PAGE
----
Multipolarity is a global reality. India and Russia represent two faces of a multi-polar world. We want to work with Russia not just for our bilateral interests, but also for a peaceful, stable and sustainable world.
Q: Mr.Prime Minister, as far as I know, in September you turned 65 but you look much younger. Is this due to Yoga, which is getting more popular? And what advice would you like to give those Russians who practice Yoga? What should they do for its promotion in Russia? And I’ve also heard that President Putin has taken interest in Yoga, after you told him about it.
A: You have asked a very good question. First of all, through you, I want to express my sincere gratitute to all the countries of the world, the United Nations and all the citizens of the world, that when I made a proposal for Internationa Yoga Day in the UN, within 100 days almost all countries of the world endorsed it and in nearly 192 countries the International Yoga Day was celebrated and is a pleasure to me that in Russia at more than 200 locations, the International Yoga Day was celebrated and they say that more than 45,000 people publicly participated in it. This in itself is very important. It is true that Yoga originated in India, so I could say it belongs only to India, but it does not, it is the world’s wealth, the wealth of the human race, the world’s heritage. And every society in the world promoted or pursued it in its own way and therefore the present form of Yoga has changed a lot, it is very widespread and everybody has contributed in it. So I too, am grateful to all of you. After all, why is Yoga becoming popular? Why is the importance of Yoga growing? Yoga’s importance is gowing beacuse, you see, our biggest mistake was that when we discussed health, we addressed illness, we considered health as addressing illness. It is important that we address wellness. So, illness or wellness? Yoga takes us towards wellness. Today the world is going for Holistic health care and Yoga is the perfect science for it. Thirdly, the human life is fractured too. A human’s mind thinks something and his body does something else; the intellect contradicts it. The body, mind and intellect, they are in a fractured state; and we do not even know it. The mind, intellect and body, all three must work in synchronism. It can be achieved through Yoga. Yoga gives you inner strength. Yoga is not a physical exercise. Some people think that yoga is bending the body. Those working in the circus are very good at body bending and Russia is a global leader in circus. But that does not mean Yoga. Yoga is a subject associated with mind, intellect and soul and knowing this form of Yoga is very beneficial. I have also heard that these days President Putin is showing his interest towards Yoga and wherever I go in the world I discuss a lot on Yoga with the World leaders. You are right, I have been myself a Yoga practitioner and if I try to find some time out for myself, that is for Yoga and I am benefited.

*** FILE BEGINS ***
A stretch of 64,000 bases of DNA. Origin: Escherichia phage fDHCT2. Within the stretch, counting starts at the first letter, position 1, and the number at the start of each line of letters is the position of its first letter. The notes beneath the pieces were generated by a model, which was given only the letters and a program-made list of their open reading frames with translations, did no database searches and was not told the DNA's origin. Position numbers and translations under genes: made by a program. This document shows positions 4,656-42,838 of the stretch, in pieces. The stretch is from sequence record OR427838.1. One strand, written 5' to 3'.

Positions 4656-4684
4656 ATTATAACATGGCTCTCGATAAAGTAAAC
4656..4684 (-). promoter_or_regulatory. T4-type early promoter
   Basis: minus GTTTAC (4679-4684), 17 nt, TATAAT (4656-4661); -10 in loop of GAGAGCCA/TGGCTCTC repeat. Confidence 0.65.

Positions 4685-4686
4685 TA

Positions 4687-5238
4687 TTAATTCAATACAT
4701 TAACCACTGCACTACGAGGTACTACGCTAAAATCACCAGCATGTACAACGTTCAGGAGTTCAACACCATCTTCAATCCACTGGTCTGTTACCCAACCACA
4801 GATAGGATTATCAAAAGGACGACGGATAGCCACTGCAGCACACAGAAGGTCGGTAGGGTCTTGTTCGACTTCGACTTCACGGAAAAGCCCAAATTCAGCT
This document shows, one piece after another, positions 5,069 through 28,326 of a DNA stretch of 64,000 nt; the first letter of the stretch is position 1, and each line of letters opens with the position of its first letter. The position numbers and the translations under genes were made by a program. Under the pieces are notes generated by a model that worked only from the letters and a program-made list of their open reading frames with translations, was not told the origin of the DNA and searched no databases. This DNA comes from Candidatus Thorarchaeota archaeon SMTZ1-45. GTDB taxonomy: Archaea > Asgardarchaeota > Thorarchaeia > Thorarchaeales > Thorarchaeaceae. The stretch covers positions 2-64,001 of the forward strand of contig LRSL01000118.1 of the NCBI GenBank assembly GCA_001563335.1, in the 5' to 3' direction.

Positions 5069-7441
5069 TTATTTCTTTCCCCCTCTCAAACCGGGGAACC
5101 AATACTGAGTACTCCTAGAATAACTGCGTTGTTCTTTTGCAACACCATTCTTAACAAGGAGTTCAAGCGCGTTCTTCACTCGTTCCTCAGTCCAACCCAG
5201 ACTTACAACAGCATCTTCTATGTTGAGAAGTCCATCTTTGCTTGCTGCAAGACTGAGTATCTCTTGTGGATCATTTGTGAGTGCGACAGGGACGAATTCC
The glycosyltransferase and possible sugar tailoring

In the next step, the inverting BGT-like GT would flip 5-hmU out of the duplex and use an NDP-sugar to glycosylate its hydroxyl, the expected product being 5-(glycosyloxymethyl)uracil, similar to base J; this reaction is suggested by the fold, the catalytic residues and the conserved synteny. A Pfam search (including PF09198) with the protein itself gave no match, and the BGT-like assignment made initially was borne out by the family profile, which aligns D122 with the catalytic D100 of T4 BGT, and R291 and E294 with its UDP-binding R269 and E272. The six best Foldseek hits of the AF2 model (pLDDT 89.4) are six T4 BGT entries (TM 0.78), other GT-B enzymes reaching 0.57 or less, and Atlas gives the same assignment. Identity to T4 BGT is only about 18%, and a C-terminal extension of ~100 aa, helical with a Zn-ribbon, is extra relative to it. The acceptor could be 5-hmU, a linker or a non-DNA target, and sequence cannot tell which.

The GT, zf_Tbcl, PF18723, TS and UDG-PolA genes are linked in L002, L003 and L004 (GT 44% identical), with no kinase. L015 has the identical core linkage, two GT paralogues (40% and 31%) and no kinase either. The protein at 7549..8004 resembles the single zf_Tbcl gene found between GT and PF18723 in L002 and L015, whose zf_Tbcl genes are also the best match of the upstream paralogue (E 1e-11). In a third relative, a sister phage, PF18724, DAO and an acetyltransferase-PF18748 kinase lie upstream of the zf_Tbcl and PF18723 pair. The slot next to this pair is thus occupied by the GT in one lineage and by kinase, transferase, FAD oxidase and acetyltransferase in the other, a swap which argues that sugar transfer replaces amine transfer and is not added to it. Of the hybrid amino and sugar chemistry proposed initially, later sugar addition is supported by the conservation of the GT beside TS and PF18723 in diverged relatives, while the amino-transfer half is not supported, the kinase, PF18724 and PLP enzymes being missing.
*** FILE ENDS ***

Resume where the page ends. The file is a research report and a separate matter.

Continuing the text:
Q: Mr. Prime Minister, our program is titled “Formula of Power” and probably you will be in a best position than others to tell the real meaning of “Formula of Power”? What is your “Formula of Power”? How do you understand it?
A: Our country had also a spiritual thinking. God is conceived in our country. I always say JANTA JANARDHAN, this is form of God, and therefore I consider the power of people as my God. I consider humankind itself as my own Power. I believe people are the strength of my Country and therefore if there is any High Command for me, then it is my 1.25 billion countrymen. If there is any Power for the future of our nation, then it is my 1.25 billion countrymen and therefore my entire dedication, I treat them as Power. And the more I will live for them, the more they will live for the country and that is the real Power for me. In India, power is given a very negative meaning, therefore I am very careful. But I consider it as my JANTA JANARDHAN, power of 1.25 billion countrymen with 2.5 billion hands. If India has a million problems then we have a billion solutions too. I consider it as most important.
Q: Mr. Prime Minister, the New Year will come in just a few days.It’s celebrated in Russia on grand scale and with greath enthusiasm and we are looking forward to it. What would you like to tell Russian people in New Year’s message?
A: I convey my best wishes to the citizens of Russia for the New Year. And when it comes in the form of Monkey you consider it a special significance, even I know this. Its very auspicious. I believe that Russia is continuing to play a global role, it will continue to play a bigger role. Russia’s power and strength willl be useful in the cause of world peace – this is my belief – and the Russian citizens will be connected with India in an unbreakable relationship. In the new year, let us make a resolution to work for a terror-free world, we should safeguard the natural resources, and to save them, we must try our best to fulfill our obligations as human beings. I will be once again be conveying my new year wishes to the Citizens of Russia in person, but today, via the media, I am conveying my best wishes all of you from my heart.